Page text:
04 Oct, 2017

Do Doctors Share Electronic Health Record Passwords?


Doctors and patients share a unique relationship. Patients rely on doctors for help and depend on them for privacy, care, and positive interaction with each visit.

The patient and doctor relationship is so important and special, that it requires a set of guidelines and rules, such as HIPAA, that doctors are required to follow. These rules help keep order among both parties, and give patients a sense of comfort while disclosing personal information.

Choosing a doctor is nothing short of a completely personal choice. More thought goes into this process than shopping for anything else. Patients make up their decisions based on trust, and comfort levels, like empathy.

As technology continues to advance in the healthcare sector, there have been many concerns regarding patient privacy. For example, as electronics come into play, how can one be sure their information is completely secured and does not end up in the hands of the wrong person?

Electronics In Healthcare

Electronic health records are one example of a technological advance that has taken off in the healthcare industry. More than 80% of doctors use EHR.

“More than eight in 10 doctors across the country, or 83 percent, have adopted electronic healthcare record systems, according to a new report from the Office of the National Coordinator for Health IT.” Healthcare IT News reports. 

Since the use of EHR is increasing so much, a team of researchers sought to uncover if patients are really put at risk while having information on those devices.

By conducting a survey, the researchers used a four-questions Google-Forms based survey between 2014-2015, surveying 300 physicians. The goal of the survey was to reveal if the physicians share EHR access credentails. It was published on Facebook and healthcare workers gained access to it through email as well.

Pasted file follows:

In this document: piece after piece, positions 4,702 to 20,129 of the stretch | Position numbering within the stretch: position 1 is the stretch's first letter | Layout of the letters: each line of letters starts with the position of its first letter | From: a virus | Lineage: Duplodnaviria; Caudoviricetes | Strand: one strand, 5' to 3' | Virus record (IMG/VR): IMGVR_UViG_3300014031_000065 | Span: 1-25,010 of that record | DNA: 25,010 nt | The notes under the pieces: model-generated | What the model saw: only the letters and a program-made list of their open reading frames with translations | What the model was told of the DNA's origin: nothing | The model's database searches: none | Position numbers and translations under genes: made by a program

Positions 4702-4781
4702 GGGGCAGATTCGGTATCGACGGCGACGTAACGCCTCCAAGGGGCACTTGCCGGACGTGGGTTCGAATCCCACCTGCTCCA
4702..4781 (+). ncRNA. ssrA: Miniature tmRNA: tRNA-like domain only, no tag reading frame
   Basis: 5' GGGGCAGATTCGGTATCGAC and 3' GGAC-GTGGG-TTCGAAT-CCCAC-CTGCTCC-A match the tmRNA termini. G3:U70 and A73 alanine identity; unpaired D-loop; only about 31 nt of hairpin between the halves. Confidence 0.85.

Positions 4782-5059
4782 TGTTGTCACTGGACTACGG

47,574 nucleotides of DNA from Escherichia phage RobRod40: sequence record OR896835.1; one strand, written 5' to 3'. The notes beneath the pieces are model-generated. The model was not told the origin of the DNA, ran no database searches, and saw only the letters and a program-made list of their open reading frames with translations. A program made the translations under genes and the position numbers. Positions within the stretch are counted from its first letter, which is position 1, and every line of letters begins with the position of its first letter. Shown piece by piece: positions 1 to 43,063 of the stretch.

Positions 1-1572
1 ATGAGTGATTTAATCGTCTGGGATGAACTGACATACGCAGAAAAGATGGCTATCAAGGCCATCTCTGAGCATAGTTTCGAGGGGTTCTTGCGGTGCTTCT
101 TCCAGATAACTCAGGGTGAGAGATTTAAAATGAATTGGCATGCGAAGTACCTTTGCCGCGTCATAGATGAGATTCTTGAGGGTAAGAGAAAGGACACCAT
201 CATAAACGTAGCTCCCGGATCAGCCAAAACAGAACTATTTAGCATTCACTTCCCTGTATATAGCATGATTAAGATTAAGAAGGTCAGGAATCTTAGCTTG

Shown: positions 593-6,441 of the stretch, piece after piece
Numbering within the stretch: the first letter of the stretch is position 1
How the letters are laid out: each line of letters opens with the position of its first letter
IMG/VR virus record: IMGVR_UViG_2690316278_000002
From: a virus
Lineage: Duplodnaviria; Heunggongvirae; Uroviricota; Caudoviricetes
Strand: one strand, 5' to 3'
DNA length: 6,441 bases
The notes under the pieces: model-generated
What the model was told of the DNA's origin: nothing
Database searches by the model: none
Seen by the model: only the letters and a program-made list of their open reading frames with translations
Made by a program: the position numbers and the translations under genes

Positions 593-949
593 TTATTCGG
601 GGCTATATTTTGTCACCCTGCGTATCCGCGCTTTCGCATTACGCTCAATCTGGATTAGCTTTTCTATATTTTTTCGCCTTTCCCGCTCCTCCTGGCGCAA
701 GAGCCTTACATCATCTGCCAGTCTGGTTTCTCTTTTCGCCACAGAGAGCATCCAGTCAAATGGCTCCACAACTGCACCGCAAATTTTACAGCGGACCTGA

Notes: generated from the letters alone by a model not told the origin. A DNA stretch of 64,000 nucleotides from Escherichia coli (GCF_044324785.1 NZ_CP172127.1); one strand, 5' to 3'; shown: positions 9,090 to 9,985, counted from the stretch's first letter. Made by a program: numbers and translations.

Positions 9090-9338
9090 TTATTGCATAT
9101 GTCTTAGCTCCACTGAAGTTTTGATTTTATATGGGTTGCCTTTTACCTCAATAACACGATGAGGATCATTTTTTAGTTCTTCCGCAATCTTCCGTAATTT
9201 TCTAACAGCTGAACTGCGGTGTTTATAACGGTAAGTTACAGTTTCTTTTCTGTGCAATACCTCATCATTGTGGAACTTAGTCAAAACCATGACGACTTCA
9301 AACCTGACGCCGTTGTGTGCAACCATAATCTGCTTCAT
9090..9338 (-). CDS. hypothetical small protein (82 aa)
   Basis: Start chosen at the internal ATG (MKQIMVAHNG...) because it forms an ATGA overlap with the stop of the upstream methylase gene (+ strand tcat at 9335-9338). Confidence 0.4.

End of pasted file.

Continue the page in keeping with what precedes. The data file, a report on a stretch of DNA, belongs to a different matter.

Passwords Are Being Shared

The survey reported that out of the respondents, 73.6% of them have received a password for an EHR from another physician.

“Of all the respondents, 73.6% reported having received the password of another staff member. Just 171 respondents reported how often they obtained someone else’s password, with an average being 4.75 times. All of the residents participating in the study and 57.5% of the nurses admitted using another staff member’s password.” Healthcare Dive reports. 

So, does this cause harm or good? Well, according to the authors, it is causing patients more harm. But, why, exactly?

Sharing EHR violates security violations that physicians are required to follow, as well as betray the patient’s trust. Without having the patients permission to share such confidential information goes against rules and regulations that doctors are expected to follow.

“Although EHRs allow providers to use information more effectively to improve the quality and efficiency of your care, they do not change the obligations providers have to keep your protected health information private and secure.” Health IT Buzz reports. 

Not only does it put the patient at risk, it causes a concern for cybersecurity. As passwords start to surface, they could end up in the wrong hands, making the EHR vulnerable to risk. This has become more common in the healthcare sector over the years.

In fact, according to HealthcareDive, 89% of healthcare organizations have encountered a data breach in the past two years. This has cost the industry $6.2 billion dollars.

The Solution

The study showed that physicians are sharing password information to help junior staff members gain access, in order to be able to provide care easily.

With that being the case, the researchers suggested supporting a system that could be placed in the EHR that alerts senior authority if the EHR is in use. That way, there will be a clear understanding about who is using what, and when.

Doctors can start being more aware of the risk that password sharing can cause patients and how cybersecurity plays a large role in the electronics that are used daily.

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